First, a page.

If you are reading this, I salute you. Oncologists need to learn about the accountable care movement because it is the future of health care.
As I discussed yesterday, the first step to preparing for the accountable care organization, or ACO, era is embracing the attitude that physicians who provide good care should be paid more than those who do not. In other words, patients and payers should hold physicians accountable.
The second step: Embracing transparency.
If you are not already sick of the term “transparency,” you will probably get there because this word will be a relentless drumbeat in the years ahead.
Transparency means going public with hard data that documents the quality of care that your patients receive.
That is a relatively new concept in health care, where most patients think their physicians are great, based on no evidence. Enjoy it while it lasts.
In recent years, government prodding has spurred hospitals to accept transparency as a responsibility. Most leading health systems now post quality scorecards on their websites, even if their scores are cringe-worthy.
As a backup, the federal government posts a steadily growing number of hospital quality measures on its Hospital Compare website (www.hospitalcompare.hhs.gov).
This same level of transparency is coming to physician practices, courtesy of payers’ interest in accountable care. So oncologists must get used to reporting data about their performance.
The first step is to participate in the government’s Physician Quality Reporting System.
As OT reported last year, most oncologists have avoided this program on the grounds that it is confusing, time-consuming, irrelevant and frustrating and the potential bonus was not worth the effort.
All those complaints are probably justified. But note that the program’s name has changed from the Physician Quality Reporting Initiative to the Physician Quality Reporting System; it is now a permanent program.
Just because physicians have ignored it does not mean it will go away.
We can hope that PQRS will get easier and more relevant over time. In the meantime, oncologists should start participating so they learn how to successfully report (it is not easy) and they understand how the program evolves.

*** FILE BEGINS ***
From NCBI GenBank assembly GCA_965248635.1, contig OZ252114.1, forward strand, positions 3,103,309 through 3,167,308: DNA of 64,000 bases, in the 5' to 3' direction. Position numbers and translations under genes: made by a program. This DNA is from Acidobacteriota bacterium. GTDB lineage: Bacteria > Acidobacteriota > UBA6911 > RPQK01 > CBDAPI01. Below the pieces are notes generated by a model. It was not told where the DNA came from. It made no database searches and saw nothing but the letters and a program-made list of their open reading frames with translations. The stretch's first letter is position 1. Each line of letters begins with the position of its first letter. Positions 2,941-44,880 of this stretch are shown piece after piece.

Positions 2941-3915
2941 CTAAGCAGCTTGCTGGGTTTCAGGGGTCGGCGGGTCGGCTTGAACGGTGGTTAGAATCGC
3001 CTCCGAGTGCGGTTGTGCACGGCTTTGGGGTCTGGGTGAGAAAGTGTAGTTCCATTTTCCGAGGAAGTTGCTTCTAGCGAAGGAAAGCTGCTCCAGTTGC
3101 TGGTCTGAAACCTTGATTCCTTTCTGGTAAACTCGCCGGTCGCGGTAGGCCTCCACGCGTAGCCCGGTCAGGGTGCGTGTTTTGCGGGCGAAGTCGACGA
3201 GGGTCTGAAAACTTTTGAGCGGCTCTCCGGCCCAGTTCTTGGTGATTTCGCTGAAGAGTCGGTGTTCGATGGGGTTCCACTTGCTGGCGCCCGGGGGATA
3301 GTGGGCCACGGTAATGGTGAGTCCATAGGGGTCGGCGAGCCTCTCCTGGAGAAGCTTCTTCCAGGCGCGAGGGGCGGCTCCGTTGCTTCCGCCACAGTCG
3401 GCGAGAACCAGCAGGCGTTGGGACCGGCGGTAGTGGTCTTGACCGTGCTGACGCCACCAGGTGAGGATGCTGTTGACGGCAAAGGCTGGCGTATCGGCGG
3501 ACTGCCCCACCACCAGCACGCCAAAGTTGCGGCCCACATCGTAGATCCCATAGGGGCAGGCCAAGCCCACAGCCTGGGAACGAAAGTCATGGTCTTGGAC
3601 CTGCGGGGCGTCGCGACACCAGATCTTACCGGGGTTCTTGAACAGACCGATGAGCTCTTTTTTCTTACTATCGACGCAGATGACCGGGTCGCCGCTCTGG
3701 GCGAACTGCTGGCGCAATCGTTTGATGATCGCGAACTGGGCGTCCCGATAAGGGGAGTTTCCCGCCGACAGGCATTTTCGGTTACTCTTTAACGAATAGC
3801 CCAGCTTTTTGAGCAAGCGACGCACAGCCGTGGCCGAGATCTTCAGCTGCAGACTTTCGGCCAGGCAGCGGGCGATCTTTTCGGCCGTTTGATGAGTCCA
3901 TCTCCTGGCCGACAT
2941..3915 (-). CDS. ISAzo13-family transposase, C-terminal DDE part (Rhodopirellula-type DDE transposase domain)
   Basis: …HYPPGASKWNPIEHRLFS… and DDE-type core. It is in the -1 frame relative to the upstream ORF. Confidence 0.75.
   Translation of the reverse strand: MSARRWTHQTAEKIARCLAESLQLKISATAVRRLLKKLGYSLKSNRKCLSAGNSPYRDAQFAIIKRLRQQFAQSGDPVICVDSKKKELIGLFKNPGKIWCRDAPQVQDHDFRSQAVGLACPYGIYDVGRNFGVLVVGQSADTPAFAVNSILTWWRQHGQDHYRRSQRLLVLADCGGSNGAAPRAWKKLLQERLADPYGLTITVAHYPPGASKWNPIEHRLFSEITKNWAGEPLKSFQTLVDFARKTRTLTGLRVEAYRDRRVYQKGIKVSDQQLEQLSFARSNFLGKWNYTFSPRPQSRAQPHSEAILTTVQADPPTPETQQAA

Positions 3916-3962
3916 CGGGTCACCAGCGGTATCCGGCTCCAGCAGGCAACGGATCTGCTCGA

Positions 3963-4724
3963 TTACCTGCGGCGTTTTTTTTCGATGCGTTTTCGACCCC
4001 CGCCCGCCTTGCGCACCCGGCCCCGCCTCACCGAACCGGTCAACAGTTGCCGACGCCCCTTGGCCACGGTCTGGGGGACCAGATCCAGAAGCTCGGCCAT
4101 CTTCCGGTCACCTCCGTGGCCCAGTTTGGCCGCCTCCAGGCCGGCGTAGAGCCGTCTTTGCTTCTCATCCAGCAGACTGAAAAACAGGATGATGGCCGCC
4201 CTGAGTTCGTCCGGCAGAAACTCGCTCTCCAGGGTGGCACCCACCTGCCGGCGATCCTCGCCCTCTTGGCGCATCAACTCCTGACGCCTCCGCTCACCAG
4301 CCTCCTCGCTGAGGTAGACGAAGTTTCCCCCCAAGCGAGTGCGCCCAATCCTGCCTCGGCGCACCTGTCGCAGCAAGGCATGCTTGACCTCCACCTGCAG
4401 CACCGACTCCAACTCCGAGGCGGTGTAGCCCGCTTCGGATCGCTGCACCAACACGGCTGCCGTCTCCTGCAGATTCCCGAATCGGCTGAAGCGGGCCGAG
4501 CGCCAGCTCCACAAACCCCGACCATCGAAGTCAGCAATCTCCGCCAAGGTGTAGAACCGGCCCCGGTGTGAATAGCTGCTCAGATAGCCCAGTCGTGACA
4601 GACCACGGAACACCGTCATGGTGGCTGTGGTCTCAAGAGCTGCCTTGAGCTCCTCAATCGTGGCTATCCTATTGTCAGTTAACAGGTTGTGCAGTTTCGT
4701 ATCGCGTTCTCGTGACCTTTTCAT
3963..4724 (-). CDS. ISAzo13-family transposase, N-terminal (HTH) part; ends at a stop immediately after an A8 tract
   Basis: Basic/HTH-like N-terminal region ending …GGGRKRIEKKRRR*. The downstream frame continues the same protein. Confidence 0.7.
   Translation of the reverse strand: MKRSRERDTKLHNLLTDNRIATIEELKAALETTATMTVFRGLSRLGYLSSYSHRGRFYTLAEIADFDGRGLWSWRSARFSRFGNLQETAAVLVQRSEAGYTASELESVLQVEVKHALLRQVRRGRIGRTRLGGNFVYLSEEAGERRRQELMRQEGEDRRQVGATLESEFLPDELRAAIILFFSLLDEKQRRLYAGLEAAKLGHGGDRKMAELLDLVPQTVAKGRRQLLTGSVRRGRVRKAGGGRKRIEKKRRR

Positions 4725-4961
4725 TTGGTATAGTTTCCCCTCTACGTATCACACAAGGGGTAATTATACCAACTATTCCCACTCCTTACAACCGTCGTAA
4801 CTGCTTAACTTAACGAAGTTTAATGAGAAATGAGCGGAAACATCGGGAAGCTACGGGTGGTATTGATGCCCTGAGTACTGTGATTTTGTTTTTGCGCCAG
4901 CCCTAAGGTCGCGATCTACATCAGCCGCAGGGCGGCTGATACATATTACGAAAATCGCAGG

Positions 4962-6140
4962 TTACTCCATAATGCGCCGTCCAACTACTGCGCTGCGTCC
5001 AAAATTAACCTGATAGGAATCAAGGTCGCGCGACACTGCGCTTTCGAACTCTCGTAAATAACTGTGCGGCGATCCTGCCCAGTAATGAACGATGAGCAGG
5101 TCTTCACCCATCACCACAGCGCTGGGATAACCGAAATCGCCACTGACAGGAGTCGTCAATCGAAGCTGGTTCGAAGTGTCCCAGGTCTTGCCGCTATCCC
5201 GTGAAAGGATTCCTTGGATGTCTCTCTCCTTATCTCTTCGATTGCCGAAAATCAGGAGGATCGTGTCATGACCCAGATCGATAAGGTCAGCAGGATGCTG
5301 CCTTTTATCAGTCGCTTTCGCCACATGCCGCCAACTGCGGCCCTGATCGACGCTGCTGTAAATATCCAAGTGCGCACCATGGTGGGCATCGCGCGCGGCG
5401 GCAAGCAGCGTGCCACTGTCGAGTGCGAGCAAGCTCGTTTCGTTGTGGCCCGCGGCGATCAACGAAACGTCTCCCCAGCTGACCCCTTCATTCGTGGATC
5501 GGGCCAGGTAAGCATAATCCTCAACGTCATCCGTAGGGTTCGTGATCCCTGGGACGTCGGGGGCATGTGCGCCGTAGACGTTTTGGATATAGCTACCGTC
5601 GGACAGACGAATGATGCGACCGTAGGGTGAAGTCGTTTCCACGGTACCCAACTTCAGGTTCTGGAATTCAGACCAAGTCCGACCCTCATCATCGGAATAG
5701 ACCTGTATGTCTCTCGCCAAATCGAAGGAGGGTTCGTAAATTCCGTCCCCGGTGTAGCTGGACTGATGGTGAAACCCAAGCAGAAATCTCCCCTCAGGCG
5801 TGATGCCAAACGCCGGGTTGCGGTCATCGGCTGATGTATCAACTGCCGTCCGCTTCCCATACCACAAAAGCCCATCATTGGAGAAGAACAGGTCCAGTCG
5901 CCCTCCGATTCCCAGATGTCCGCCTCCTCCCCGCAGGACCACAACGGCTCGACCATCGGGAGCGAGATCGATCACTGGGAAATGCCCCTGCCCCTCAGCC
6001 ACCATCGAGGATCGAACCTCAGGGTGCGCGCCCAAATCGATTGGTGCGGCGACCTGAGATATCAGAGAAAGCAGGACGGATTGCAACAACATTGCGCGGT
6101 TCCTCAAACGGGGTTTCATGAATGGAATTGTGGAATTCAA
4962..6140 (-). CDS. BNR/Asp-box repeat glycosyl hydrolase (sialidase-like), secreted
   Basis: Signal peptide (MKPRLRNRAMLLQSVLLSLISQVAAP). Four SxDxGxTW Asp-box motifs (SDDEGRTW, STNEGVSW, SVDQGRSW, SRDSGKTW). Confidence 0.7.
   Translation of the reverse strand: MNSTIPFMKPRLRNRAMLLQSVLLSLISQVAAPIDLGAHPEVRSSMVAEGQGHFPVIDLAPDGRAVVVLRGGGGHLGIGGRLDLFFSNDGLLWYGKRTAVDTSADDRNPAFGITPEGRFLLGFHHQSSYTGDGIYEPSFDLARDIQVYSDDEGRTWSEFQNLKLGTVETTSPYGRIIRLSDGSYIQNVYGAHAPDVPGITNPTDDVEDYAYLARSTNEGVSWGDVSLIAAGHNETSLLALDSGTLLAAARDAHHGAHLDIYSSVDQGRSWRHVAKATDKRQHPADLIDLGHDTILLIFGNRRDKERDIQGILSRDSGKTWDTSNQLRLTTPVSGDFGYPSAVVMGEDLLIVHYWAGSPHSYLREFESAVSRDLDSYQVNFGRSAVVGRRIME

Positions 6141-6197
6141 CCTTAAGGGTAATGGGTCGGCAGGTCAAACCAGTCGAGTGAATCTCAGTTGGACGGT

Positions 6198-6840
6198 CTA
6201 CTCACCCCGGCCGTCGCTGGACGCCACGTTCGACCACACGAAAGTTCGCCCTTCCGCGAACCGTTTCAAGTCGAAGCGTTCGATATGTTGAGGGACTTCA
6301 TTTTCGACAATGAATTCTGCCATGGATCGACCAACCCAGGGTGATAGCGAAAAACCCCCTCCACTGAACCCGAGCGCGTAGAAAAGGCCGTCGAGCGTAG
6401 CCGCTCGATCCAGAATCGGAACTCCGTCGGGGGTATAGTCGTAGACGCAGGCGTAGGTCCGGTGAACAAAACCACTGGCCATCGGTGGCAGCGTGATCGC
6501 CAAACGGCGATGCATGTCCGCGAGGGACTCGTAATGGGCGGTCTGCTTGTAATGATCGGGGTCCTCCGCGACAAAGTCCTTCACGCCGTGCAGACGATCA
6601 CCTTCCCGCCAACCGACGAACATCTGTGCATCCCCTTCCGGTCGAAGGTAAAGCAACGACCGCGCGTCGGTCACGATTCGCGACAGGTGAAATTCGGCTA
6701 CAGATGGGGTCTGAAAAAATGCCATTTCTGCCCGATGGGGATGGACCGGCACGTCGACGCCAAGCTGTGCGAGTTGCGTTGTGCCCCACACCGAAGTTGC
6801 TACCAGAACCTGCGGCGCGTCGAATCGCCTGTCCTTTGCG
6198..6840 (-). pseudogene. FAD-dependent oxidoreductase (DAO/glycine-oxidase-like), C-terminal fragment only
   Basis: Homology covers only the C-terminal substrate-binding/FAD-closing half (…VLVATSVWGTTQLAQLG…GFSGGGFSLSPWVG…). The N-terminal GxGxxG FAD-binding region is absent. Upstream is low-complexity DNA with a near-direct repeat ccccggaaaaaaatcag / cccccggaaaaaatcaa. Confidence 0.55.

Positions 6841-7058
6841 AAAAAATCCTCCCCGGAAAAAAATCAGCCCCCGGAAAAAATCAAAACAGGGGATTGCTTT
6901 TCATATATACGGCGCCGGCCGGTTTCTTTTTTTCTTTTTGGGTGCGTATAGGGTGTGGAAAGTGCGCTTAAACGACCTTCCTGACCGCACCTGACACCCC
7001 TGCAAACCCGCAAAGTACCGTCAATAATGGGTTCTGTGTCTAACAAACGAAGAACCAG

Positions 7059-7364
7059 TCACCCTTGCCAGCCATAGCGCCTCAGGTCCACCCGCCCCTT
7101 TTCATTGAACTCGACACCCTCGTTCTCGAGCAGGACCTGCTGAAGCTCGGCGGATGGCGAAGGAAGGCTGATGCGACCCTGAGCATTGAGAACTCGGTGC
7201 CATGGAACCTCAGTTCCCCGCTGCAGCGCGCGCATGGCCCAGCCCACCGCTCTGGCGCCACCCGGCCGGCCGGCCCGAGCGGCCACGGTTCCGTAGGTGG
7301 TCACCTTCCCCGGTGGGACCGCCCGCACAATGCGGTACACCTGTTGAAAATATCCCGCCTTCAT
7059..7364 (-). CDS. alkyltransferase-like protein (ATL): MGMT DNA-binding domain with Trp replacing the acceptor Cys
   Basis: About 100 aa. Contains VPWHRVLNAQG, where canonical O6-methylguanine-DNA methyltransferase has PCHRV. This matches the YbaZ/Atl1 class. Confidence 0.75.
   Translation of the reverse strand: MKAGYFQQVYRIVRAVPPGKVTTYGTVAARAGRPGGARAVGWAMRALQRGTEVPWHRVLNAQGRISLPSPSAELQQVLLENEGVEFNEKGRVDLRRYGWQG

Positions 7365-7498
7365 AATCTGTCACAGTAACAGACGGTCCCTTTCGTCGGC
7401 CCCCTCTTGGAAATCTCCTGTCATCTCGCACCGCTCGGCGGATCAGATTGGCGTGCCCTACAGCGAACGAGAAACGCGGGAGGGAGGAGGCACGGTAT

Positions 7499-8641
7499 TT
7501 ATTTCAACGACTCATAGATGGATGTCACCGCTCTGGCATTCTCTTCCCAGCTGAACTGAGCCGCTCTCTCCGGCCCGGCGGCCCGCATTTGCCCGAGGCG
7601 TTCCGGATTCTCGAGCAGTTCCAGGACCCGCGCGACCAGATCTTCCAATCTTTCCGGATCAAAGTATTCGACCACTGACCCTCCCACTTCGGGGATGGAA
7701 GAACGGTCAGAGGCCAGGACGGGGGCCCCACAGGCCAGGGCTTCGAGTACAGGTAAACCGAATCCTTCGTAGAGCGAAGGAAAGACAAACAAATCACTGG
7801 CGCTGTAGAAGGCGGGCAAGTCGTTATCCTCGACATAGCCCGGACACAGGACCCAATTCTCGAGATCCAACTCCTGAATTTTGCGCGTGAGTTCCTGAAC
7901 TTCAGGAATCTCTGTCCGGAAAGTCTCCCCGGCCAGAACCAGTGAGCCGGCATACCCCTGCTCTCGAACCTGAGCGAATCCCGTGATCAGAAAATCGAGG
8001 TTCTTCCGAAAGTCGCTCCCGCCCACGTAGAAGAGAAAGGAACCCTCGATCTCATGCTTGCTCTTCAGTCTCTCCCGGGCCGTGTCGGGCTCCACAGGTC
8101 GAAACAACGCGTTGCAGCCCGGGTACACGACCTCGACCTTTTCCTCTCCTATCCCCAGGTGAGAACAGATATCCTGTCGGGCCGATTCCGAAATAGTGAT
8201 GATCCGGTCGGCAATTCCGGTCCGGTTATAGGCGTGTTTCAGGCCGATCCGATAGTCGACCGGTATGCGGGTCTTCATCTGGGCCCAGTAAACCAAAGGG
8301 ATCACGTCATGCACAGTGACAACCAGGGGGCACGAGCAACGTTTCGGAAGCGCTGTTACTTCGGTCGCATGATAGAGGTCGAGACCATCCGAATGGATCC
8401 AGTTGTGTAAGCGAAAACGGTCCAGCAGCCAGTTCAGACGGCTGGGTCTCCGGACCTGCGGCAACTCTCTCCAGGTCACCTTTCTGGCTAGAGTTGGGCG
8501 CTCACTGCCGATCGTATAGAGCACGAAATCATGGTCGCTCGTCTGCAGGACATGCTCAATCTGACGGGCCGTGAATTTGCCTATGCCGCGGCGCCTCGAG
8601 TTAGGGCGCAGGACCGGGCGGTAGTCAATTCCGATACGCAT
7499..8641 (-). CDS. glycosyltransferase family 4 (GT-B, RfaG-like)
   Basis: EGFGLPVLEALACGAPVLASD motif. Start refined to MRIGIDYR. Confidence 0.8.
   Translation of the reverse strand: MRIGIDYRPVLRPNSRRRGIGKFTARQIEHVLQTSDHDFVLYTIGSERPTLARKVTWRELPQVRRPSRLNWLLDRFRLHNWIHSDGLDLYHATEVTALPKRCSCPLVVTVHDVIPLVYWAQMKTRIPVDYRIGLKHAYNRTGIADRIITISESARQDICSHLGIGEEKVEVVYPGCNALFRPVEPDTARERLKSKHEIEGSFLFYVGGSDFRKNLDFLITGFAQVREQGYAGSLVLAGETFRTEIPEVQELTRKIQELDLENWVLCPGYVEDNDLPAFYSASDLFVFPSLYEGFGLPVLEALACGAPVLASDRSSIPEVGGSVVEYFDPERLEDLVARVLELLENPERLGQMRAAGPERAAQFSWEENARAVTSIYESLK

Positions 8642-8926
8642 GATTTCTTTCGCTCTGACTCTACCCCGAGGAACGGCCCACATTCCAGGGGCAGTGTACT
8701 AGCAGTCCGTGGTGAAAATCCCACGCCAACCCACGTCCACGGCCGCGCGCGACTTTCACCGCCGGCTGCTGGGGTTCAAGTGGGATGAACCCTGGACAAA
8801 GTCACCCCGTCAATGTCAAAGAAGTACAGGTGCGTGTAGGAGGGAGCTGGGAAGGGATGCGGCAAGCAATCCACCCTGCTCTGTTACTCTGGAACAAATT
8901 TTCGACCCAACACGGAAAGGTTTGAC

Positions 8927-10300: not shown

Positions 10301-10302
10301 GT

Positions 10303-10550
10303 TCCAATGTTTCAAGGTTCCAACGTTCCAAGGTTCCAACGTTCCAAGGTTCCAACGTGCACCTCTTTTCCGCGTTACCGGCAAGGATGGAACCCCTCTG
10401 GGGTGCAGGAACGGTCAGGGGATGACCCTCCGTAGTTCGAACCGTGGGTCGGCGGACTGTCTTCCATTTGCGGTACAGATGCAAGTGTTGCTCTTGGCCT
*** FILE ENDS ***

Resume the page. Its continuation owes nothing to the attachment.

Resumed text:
Currently, PQRS is a pay-for-reporting program, meaning the bonuses are awarded for reports submitted in the way the Centers for Medicare & Medicaid Services wants them to be submitted. Nobody looks at the data to evaluate the quality of care provided.
But eventually the program will become a pay-for-quality program. When that day comes, you do not want to be trying to figure out what PQRS is all about and how to report your data correctly.
Some would say there is no downside to avoiding PQRS currently. I say there is no downside to participating in PQRS, other than the frustration and time involved in learning how to do so.
That learning curve is going to happen some time. That should be this year, so your practice is more prepared to deliver accountable care.
What to Do Now
Check out CMS's PQRS website. The “How to Get Started” information needs updating to 2011, and I’m prodding the CMS press office to get on the job. I will post the link as soon as I see it.
In the meantime, the site has plenty of reading that can help you get acclimated to the PQRS program. CMS offers a lot of education programming -- conference calls for physician practices, manuals, etc. -- to help physicians participate. When I see those coming up for 2011, I will post links here.